This afternoon we went to the mission home and mission office for a farewell dinner. Two of our Ivorian missionaries have completed their missions and today we celebrated with a departure dinner. This is the first departing dinner we’ve had since the COVID restrictions were made.
We arrived early, while President Binene was interviewing the Elders. I went into the kitchen to see if Sis Binene needed any help. She told me everything was prepared and ready to go. Soeur Celestine is a caterer who comes to help with special meals at the mission home. She’s a good cook!
Today she showed me the food she had prepared, beginning with footoo. Footoo is made by pounding prepared cassava and plantain with the mortar and pestle. Then it is cooked in a large pot and formed into these balls. Footoo is served with a red sauce that is made from palm oil and dried fish. It’s a favorite Ivorian dish.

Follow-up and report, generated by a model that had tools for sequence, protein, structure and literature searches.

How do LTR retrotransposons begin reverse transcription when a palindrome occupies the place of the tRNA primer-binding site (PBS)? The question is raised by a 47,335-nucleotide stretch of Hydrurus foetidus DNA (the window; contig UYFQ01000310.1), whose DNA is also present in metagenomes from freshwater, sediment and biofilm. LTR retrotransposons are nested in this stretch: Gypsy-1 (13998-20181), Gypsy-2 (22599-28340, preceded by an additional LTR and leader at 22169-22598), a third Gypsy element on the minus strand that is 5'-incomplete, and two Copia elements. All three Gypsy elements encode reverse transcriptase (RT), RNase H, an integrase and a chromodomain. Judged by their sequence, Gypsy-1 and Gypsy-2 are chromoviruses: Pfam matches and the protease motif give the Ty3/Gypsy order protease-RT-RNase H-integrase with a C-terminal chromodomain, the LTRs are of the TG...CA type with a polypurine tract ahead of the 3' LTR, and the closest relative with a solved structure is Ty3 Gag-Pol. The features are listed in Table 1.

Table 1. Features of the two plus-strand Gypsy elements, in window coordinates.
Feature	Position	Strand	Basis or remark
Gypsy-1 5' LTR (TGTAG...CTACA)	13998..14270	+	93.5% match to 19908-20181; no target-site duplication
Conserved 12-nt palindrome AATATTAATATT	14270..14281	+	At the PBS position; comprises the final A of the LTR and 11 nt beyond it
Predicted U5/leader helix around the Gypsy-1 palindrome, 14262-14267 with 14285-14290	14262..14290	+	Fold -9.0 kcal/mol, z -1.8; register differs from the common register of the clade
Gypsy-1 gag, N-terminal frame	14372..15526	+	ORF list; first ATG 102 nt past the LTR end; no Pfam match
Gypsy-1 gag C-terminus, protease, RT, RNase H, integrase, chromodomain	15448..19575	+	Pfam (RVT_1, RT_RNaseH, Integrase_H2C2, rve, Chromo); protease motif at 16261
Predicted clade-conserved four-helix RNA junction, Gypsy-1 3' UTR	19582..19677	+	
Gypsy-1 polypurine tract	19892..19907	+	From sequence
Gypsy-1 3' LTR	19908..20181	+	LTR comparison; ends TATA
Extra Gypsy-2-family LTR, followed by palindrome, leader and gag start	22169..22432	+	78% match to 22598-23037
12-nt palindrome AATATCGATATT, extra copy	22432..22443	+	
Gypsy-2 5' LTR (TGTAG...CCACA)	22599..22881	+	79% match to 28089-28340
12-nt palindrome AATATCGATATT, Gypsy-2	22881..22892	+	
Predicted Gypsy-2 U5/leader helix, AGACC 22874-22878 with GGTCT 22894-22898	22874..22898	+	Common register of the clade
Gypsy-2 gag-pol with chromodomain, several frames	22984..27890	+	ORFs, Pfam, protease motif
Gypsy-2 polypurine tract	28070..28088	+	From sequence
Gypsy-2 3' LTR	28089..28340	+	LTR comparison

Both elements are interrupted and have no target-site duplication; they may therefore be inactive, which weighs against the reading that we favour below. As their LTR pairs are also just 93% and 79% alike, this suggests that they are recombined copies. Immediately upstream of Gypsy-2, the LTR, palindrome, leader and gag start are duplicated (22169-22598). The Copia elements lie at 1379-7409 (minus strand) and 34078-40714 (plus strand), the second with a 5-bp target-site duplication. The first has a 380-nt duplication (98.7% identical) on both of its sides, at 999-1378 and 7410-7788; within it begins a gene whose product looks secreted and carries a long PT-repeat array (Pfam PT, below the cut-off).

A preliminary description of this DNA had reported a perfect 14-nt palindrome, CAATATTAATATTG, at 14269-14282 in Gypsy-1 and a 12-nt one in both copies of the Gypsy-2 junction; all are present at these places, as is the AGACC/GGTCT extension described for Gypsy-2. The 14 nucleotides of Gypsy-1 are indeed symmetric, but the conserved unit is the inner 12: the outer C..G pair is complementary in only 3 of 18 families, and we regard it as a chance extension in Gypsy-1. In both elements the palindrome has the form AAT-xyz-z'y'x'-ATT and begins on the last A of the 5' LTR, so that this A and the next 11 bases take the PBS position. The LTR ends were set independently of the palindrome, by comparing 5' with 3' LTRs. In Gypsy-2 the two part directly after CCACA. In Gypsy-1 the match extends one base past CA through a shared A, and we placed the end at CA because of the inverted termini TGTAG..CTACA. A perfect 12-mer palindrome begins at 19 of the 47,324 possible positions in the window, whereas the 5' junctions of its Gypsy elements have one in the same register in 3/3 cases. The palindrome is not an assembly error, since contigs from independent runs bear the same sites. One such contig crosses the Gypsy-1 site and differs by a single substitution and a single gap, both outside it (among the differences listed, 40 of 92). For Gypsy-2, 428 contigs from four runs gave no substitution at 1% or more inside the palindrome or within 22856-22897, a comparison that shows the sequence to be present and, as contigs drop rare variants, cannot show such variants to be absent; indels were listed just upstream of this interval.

The rice and fried plantain are served with fried chicken and a vegetable sauce that has onion, tomato, cabbage, carrots and squash.
This mission kitchen has been well-used and loved.
Celeste and Elder Lath showed me how they use the mortar and pestles to prepare the food. One is for pounding footoo and maize porridge. The other is for pounding leaves that go into the sauces.
This is ground maize flour (corn) that is cooked into a porridge, which is eaten every day by families like the Binenes. Maize porridge is called foofoo. This is a Congolese meal, often prepared for lunch and dinner, served with sauce. A small amount corn meal is put into boiling water on the stove and stirred and cooked like a gruel. After it boils for awhile, more maize flour is added until it becomes very very thick. It is left to cook for 5-10 minutes and then it is put into forms the size of a ball to make the individual servings.
Here is an explanation by Elder Lath of how the mortar and pestles are used: